Osrhoene is a region between the Euphrates and Tigris rivers whose capital was edessa. During the first two Christian centuries it was a small kingdom under the dynasty of Abgar. In 216 the Emperor Caracalla incorporated it into the Roman Empire as a province. Christianity had been introduced into Osrhoene early, most probably from Antioch by Jewish Christians. There is no historical foundation for the legends of abgar, King of Osrhoene, recorded by Eusebius (Hist. eccl. 1.12–13) to the effect that the king begged Jesus to come and heal his daughter. To this request Jesus was alleged to have sent a written reply saying that he was going to send his disciple, Thaddeus (Thaddai), to heal the girl and preach the Gospel. However, according to trustworthy sources, there were Christians in Osrhoene as early as the latter half of the 2nd century.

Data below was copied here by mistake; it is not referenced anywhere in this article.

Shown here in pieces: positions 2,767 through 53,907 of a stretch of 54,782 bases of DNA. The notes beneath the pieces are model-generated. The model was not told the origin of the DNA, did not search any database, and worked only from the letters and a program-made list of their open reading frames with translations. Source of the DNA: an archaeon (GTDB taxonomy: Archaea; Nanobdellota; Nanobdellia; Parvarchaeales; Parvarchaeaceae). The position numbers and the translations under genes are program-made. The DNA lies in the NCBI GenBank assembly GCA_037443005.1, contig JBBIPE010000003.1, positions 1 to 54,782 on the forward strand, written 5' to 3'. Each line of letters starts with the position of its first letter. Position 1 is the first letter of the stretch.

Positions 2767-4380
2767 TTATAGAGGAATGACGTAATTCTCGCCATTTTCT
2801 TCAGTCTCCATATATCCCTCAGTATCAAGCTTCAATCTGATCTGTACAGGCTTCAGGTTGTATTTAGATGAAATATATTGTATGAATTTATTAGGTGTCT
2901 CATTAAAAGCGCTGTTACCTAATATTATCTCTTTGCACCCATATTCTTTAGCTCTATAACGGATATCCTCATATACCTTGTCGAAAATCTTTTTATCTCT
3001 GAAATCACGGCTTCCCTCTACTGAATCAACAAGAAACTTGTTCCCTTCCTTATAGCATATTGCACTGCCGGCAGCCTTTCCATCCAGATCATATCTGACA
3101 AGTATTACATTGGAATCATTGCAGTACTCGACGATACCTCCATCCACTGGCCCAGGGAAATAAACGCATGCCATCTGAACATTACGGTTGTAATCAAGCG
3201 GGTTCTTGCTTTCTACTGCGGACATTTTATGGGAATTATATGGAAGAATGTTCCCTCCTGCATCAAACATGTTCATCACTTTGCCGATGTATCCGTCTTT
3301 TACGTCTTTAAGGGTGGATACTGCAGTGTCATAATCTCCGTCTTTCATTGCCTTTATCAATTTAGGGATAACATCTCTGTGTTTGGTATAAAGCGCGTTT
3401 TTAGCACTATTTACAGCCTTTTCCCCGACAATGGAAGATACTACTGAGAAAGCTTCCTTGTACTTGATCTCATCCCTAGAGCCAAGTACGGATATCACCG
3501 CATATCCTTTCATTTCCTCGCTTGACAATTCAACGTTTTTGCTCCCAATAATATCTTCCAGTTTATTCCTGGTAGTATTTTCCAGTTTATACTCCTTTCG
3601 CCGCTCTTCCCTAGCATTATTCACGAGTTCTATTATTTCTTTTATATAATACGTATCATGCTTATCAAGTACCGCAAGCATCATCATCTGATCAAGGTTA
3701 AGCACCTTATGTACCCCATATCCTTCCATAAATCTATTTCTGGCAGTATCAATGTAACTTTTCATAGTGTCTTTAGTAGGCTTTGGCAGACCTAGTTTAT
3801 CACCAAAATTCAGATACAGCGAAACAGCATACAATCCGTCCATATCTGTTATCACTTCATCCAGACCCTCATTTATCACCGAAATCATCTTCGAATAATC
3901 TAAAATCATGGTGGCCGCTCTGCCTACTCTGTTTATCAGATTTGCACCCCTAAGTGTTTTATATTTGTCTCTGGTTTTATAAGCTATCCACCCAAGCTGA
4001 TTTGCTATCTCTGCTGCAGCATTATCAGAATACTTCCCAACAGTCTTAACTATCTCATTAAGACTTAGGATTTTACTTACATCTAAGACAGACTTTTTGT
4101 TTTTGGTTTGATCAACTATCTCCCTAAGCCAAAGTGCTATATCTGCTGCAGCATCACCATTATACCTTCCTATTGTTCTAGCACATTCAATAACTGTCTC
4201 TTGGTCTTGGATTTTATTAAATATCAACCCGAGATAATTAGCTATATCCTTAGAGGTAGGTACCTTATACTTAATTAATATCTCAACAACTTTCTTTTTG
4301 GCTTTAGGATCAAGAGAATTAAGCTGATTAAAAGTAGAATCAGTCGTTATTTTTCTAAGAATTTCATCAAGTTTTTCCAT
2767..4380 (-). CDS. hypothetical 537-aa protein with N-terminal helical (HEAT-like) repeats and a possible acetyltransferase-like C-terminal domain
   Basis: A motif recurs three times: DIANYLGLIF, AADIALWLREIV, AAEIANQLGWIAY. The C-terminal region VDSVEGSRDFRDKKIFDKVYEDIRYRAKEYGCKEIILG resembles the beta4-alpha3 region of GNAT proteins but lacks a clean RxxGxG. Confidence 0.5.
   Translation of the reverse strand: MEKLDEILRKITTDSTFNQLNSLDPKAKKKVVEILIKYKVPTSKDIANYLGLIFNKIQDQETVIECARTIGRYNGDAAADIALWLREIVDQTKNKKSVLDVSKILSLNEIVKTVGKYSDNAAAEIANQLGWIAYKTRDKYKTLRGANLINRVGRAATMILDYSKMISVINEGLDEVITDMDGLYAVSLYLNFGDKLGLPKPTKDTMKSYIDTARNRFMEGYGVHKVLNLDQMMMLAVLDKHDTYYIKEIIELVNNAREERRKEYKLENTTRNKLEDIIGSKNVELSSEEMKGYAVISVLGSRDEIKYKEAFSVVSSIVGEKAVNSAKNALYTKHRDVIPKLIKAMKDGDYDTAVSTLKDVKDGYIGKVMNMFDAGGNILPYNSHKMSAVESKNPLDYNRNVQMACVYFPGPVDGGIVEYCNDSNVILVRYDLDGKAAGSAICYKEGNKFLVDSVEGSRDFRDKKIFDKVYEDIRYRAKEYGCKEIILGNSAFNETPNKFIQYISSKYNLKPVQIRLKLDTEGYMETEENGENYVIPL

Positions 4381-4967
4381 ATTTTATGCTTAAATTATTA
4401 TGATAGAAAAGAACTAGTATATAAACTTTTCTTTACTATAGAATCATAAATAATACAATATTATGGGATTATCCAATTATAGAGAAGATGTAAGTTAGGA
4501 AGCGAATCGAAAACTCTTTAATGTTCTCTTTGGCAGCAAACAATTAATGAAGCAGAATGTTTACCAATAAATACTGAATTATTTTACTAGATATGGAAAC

The Epitaph of abercius and information in Eusebius (Ecclesiastical History 5.24) witness to the fact that counsel was sought from the Diocese of Osrhoene in the matter of the fixing of the date for Easter. At the beginning of the 3rd century julius africanus found the heretic bardesanes in the court of King Abgar IX. There is no conclusive evidence for A. von harnack's contention that this king embraced Christianity and that Osrhoene was the first Christian kingdom. The Christians of Osrhoene wrote in Syriac; their greatest glory was St. ephrem.
Bibliography: j. p. martin, Les Origines de l'Église d'Édesse et des églises syriennes (Paris 1889). i. ortiz de urbina, "Le origini del cristianesimo in Edessa," Gregorianum, 15 (1934) 82–91.
[i. ortiz de urbina]